Confused and guilty after fleeing from his first experience of battle, Henry wanders into the woods. At first, the woods seem comfortingly beautiful, and Henry is happy to find himself in a small clearing. However, he then stumbles upon a Union soldier’s corpse. In a moment that foreshadows the other deaths Henry will witness in the novel, Crane describes the decaying corpse in detail:
The eyes, staring at the youth, had changed to the dull hue to be seen on the side of a dead fish. The mouth was open. Its red had changed to an appalling yellow. Over the gray skin of the face ran little ants.
This grotesque image captures Henry’s horror at encountering death up close for the first time. It also foreshadows the more personal experiences that will come soon after, namely the death of Jim Conklin, a soldier in Henry’s regiment. Just as this soldier appears to have died alone in the woods, Jim dies in another natural landscape (a meadow) after wandering away from a convoy of wounded men. Henry’s reaction in both cases—he’s momentarily stunned and then flees the terrifying spectacle—is also the same, connecting these two deaths. Though Henry doesn’t stay with Jim after he dies, there’s an implicit understanding that Jim's corpse will suffer the same fate as this one.
What changes between Henry’s discovery of the corpse and his final moments with Jim are his ideas about the meaning of war and the role of nature in his life. When Henry finds the dead soldier, he still believes that war is a noble endeavor in which heroic men can prove their bravery on the battlefield; he also sees nature as an essentially benevolent force that can provide a refuge for suffering soldiers—that’s why he entered the woods after fleeing the battlefield. The soldier’s corpse shows Henry for the first time that death in war isn’t always heroic; in fact, it’s often ignominious and pointless. Moreover, the swiftness with which animals like ants have begun to prey on the soldier’s body shows that far from providing protection and shelter, nature is cold and indifferent to human affairs.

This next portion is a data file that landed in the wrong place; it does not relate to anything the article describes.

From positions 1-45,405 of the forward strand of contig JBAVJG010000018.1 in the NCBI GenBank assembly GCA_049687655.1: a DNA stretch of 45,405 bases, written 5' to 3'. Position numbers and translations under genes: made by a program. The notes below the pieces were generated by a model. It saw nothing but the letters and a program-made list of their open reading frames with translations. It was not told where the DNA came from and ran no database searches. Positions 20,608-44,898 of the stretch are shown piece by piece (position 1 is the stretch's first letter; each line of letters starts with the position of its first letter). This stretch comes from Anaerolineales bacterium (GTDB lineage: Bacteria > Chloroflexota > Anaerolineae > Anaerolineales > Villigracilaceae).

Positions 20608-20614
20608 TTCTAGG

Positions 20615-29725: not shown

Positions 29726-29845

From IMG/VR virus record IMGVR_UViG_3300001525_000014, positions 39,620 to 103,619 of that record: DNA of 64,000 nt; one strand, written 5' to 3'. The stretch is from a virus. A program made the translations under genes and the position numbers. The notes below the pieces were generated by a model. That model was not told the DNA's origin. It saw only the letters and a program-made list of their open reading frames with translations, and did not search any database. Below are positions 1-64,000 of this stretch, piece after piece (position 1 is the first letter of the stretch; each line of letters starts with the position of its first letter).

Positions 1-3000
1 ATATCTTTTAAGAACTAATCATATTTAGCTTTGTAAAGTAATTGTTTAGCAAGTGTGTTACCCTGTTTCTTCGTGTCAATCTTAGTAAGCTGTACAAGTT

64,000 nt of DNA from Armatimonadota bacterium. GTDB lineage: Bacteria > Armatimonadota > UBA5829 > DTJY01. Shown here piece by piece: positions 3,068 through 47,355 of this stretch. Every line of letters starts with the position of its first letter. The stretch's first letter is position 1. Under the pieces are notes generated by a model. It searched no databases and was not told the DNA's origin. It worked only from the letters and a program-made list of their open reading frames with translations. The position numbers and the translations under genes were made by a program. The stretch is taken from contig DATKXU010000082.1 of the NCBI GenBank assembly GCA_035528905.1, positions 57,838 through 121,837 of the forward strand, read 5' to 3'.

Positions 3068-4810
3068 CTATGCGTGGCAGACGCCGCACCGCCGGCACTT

Henry doesn’t immediately relinquish his misconceptions about war when he sees the soldier’s corpse. But because of this episode, he at least begins to question them. When he does eventually witness Jim’s death, he will not be able to rely on comforting fantasies about heroism or courage. Instead, he’ll have to confront the reality of death in war head-on.